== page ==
The Second District Court of Appeals in Fort Worth has labored long and hard over the appeal taken by the Episcopal Church (USA) and its local diocese and parishes
The Second District Court of Appeals in Fort Worth has labored long and hard over the appeal taken by the Episcopal Church (USA) and its local diocese and parishes from the July 24, 2015 summary judgment order granted against them by Judge Chupp of the 141st District Court of Tarrant County. In the nearly three years the appellate panel took to decide the case, one of its members died, but the other two soldiered on. Chief Justice Bonnie Sudderth authored the massive, 178-page opinion in the case; the remaining panel member, Associate Justice Gabriel, concurred without writing separately.
(I shall refer to the case here as the “Salazar case” — using the name of its first-listed defendant — in order to distinguish it from the prior Episcopal Church case decided by the Texas Supreme Court in 2013.) As its length indicates, the Salazar opinion is thorough and careful — but alas, length is no guarantee that the Court got it right. Along about page 130, C.J. Sudderth loses her way, goes down an older path that is now discredited, and ends up with a conclusion that contradicts her earlier premises.
Need I add that the chief beneficiary of this judicial wayfaring is none other than ECUSA itself? Since it is likewise the chief architect of all the confusion in church property cases, it may now chalk up one more victim in its systematic campaign to establish itself as a church which no court in the land may touch. It confuses courts by bombarding them with reams and reams of religious and historical documents — the Court in this case mentions (p. 41, n.41) that the record contains over 14,000 pages — which it then proceeds to distort and misconstrue, using technical ecclesiastical concepts with which the secular courts are largely unfamiliar.
In this case, C.J. Sudderth went to the extreme of diagramming a “decision tree” to assist her in finding her way through the forests of legal argument, fustian and mostly irrelevant documents. One version of the tree appears on page 103 of her opinion; a later one is at page 159. Using either one, the careful reader can see at a glance where the court takes its misstep. From the one on page 103:
The road map flashes yellow at the node “Hierarchical Church?”; a “yes” answer leads to the next (and highly misleading) node — “Has highest church authority decided issue?” Once the “yes” box is again chosen as the exit, the path is determined, and the erroneous conclusion (“Defer to highest church authority’s decision”) is unavoidable.
A regular reader of this column should know by now of the church-property-law parameter called “neutral principles.” The Court’s decision tree acknowledges that Texas follows neutral principles in deciding church property disputes (see the very second node at the top of the tree).
But by introducing and then opposing the terms “hierarchical” and “congregational” (see the lower middle of the tree), the Court actually jettisons “neutral principles” in favor of harking back to the 19th-century model of Watson v. Jones (1872), by which one “defers” to hierarchical churches, and follows majority rule in congregational ones. By definition, a court that chooses to defer in its judgment to that of just one particular kind of church, but not to other kinds, is not applying “neutral” principles.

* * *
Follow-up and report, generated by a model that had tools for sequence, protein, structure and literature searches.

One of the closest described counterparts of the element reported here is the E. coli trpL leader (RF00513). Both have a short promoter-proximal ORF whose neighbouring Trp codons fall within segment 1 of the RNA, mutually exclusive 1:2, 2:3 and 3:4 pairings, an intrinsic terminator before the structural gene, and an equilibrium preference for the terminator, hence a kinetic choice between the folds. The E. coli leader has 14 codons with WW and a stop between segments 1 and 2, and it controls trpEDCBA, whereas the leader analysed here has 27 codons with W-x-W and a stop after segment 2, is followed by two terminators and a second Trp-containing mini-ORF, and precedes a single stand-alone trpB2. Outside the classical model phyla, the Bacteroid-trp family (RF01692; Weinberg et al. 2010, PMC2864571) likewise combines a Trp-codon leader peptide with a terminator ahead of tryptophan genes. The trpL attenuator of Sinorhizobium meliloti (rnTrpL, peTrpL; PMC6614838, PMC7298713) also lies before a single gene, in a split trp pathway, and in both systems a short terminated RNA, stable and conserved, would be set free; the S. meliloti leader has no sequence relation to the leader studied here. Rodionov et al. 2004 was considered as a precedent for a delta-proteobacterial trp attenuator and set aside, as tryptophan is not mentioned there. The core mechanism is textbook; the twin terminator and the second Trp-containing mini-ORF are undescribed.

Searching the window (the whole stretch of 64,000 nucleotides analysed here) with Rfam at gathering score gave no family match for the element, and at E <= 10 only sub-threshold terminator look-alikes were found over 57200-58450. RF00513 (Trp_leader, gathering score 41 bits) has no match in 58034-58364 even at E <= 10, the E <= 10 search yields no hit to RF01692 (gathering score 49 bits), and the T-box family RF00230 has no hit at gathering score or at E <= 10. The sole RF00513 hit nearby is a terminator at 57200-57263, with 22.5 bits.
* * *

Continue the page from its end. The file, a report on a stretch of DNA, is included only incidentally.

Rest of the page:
In other words, a court cannot say with one breath that it follows neutral principles, and then with the next say that it has to defer to the highest tribunal in a so-called hierarchical church. If you would like to read an excellently reasoned exposition of why this is so, go no farther than this short amicus brief filed last week on behalf of 18 law school professors in support of the petition brought by the Rt. Rev. Mark Lawrence and his Diocese of South Carolina before the United States Supreme Court. (You may choose to read the whole brief, but the argument I am talking about begins on page 9 and runs to page 15.)
Let us now see how this unfortunate departure from neutral principles lands the Second District Court of Appeals in a welter of contradictions.
After reviewing the history of church property cases in the United States Supreme Court, and fleshing out what that Court meant by the term “neutral principles”, the Texas Court of Appeals then focused on its own Supreme Court’s recent decision in Masterson v. Diocese of Northwest Texas (Tex. 2013) 422 S.W.3d 594 as instructing how neutral principles of law are used to resolve church property disputes in Texas. It set out the following concise summary of Masterson’s holdings (pp. 78-79):
- Absent specific, lawful provisions in a corporation’s articles of incorporation or bylaws otherwise, whether and how a corporation’s directors or those entitled to control its affairs can change its articles of incorporation and bylaws are secular, not ecclesiastical matters, and an external entity—under the former or current statutory scheme—is not empowered to amend them absent specific, lawful provision in the corporate documents. Id. at 609–10 (citing Tex. Bus. Orgs. Code § 3.009; Tex. Rev. Civ. Stat. Ann. art. 1396–2.09).
- The TEC-affiliated bishop could, as an ecclesiastical matter, determine which faction of believers was recognized by and was the “true” church loyal to the Diocese and TEC, and courts must defer to such ecclesiastical decisions, but his decision identifying the loyal faction as the continuing parish does not necessarily determine the property ownership issue, and his decisions on secular legal questions such as the validity of the parish members’ vote to amend the bylaws and articles of incorporation are not entitled to deference. Id. at 610.